12 Surprising Materials That Filmmakers Used To Tell A Story

Fancy special effects are just so… fake. There are many other creative ways to make a film, which is exactly why IBM used atoms to make the world’s smallest movie.

1. Potatoes:

For the opening titles of Typophile Film Festival 5, BYU design students and faculty used carb-tastic goodness (as well as ham, jell-o and and squash) to convey a dedication to design.

2. Human hair:

20th Century Fox / Via givegifsasgifts.tumblr.com

For the human characters in The Fantastic Mr. Fox, the animators used hair collected from employees around the studio.

3. Pumpkins:

To make this delightfully creepy stop motion short, Auke de Vries carved out dozens and dozens of pumpkins.

4. Atoms:

For the short “A Boy And His Atom”, IBM placed atoms with a scanning tunneling microscope to make its actors, props, and scenes. The lead character is a single nanometer in size (one 25 millionth the size of an inch), and Guinness World Records has certified it as the world’s smallest stop-motion film.

5. Lubricant:

Icon Productions / Via lointhetext.tumblr.com

Mary and Max, which premiered on opening night at Sundance in 2009 but never have a theatrical release in the US, used lubricant for all of its water scenes.

6. Cellophane:

France 3 Cinéma / Via maddywirtz.tumblr.com

For anything imaginary, Science of Sleep never really relied on traditional materials, further proving that what’s in our heads will always be cooler than reality.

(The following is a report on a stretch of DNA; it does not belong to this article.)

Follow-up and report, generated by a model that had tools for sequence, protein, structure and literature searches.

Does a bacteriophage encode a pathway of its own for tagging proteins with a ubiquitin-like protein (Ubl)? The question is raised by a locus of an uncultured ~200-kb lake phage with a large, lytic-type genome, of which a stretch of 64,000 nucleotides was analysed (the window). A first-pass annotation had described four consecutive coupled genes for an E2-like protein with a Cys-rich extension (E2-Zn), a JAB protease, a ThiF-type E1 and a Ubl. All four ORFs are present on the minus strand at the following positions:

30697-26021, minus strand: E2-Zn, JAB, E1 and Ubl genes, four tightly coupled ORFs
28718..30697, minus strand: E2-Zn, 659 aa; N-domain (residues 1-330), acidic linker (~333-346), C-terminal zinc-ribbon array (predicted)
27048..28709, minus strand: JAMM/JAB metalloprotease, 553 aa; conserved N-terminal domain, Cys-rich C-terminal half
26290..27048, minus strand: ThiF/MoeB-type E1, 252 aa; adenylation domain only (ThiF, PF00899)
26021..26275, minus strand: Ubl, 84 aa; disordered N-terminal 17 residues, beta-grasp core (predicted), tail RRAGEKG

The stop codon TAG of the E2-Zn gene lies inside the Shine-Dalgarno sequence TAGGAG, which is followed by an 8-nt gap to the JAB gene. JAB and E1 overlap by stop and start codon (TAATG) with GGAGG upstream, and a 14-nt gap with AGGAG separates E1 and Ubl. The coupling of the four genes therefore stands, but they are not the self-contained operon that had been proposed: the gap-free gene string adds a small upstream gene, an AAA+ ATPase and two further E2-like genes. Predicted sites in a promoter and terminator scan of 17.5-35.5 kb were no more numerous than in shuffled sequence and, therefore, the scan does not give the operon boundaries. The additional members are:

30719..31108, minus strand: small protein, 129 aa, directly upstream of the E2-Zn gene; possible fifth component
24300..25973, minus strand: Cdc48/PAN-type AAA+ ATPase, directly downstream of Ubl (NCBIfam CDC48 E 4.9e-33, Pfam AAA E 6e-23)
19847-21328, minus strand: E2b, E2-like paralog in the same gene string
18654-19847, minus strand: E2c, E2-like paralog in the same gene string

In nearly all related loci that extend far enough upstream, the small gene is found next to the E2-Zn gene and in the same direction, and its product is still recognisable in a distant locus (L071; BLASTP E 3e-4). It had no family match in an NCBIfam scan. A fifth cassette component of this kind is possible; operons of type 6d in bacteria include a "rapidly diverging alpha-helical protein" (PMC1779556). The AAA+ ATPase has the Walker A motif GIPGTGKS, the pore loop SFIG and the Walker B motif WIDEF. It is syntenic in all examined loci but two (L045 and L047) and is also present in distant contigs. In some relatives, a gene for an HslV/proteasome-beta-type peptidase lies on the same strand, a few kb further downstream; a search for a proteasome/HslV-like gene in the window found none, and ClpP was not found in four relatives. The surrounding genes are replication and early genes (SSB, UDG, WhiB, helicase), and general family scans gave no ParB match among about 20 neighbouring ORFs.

7. Pencils:

Dropbear Digital / Via vimeo.com

The stop motion music video “Against The Grain” for Hudson was brought to life with nearly 1,000 pencils and 5125 images

8. Sound and vegetables:

William Chan / Via vimeo.com

The opening title for The Kitchen Musical (a Singaporean musical drama TV series) set various foods on speakers so they could vibrate.

9. Handcrafted figurines:

Four Story Treehouse / Via vimeo.com

This stop motion short tells the serious “Story of Sushi” with art direction reminiscent of your childhood.

10. Post It notes:

A student’s video project titled “Deadline” made procrastination playful with plenty of colorful sticky notes.

11. Infrared dots:

Deepspeed media / Via vimeo.com

In the documentary “Clouds,” Kinect technology brings to life interviews of media artists and hackers who are talking about code.

12. Anything but food:

In the Oscar-nominated short “Fresh Guacamole” by PES, a bowl of guacamole dip comes to life using playdough, dice, and sequins.

Inspired by the world’s smallest stop motion movie:

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